Neurophysiology and Behavior We are a discovery science laboratory focused on understanding how sensory, motor, and learning systems within the brain converge to store memories about the past and make predictions about the future. Our approach toward neuroscience begins with a rigorous understanding of behavior, using the mouse as a model organism. We engineer controlled behavioral tasks in the lab that distill down and retain the core computational principles of natural behaviors (i.e. "behavior clamp") and we then use electrical, optical, and pharmacological techniques to monitor and manipulate the activity of networks, neurons and synapses in behaving mice. Based on the results of these simplified behavioral paradigms, we then circle back to the natural behaviors upon which our engineered behaviors were modeled to understand brain function in natural environments.
One of the specific questions we pursue in the lab is how the brain recognizes and predicts the sounds of one's own movements. This ability to predict the acoustic consequences of our actions is vital for learning and maintaining complex behaviors such as speech. More fundamentally, without this ability, we would be surprised by every sound we made. Predictions about self-generated sounds are thought to be mediated by copies of motor-related signals that are relayed to the auditory system during sound-generating behaviors, where they suppress neural responses to the sounds that a movement is expected to produce. Although predictions are likely made at multiple sites in the brain, evidence from many vertebrate species points toward a cortical locus for predictions made during sound-generating movements. Despite the important roles that predictions play in everyday life, we understand remarkably little about how the brain learns, stores and recalls the statistical associations about the world necessary for making predictions.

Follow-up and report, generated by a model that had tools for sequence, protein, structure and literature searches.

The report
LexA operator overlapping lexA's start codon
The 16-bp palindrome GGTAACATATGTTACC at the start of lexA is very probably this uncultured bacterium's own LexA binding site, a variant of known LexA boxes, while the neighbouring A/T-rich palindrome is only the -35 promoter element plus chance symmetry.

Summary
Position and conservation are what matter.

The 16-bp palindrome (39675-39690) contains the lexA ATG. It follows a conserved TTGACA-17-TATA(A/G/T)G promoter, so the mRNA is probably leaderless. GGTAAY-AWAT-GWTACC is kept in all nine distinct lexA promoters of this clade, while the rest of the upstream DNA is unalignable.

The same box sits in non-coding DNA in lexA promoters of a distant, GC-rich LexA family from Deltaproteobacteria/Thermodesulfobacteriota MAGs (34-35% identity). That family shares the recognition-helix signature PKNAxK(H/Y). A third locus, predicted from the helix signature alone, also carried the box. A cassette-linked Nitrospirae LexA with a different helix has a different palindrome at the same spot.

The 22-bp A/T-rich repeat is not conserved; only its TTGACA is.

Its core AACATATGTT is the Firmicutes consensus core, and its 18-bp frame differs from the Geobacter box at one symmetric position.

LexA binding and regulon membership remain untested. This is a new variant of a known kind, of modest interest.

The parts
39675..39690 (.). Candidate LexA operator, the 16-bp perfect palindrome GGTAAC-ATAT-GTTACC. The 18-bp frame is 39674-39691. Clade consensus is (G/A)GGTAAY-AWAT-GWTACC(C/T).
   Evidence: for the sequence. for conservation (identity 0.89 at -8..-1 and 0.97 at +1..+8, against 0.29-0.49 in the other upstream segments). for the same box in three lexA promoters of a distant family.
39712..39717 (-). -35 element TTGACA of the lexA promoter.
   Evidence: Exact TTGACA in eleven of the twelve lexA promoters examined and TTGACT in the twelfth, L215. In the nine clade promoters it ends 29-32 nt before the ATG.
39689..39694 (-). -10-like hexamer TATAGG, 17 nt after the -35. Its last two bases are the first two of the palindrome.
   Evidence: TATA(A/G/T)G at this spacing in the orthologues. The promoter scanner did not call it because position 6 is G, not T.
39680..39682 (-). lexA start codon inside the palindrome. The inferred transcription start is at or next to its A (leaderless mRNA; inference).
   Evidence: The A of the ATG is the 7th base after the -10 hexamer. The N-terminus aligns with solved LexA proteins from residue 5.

By studying brain activity and connectivity in mice engaged in natural behaviors and virtual reality, we have found that the auditory cortex is strongly modulated during sound-generating movements. Motor-related inputs to the auditory cortex can dominate auditory cortical synaptic and spiking activity during movements including vocalizing and locomotion. Moreover, the motor-related signals that impinge on the auditory cortex are predictive of the sound features that a movement is expected to produce. Together, these findings indicate that the synaptic interface between motor and auditory cortices is a likely site of synaptic plasticity for storing and recalling memories about self-generated sounds. Ongoing work aims at discovering how this sensory-motor interface stores memories of past experiences at cellular and synaptic levels. In parallel, we hope to better understand how memories are recalled during behavior and integrated with ongoing sensory experience to make predictions about the future.
2016 Burroughs Wellcome Fund Career Award at the Scientific Interface
2016 NIH Pathway to Independence Award - K99/R00 (declined)
2015 McKnight Foundation Allison Doupe Fellowship
2014 Helen Hay Whitney Foundation Postdoctoral Fellowship
2013 Titus M. Coan Prize for Excellence in Basic Research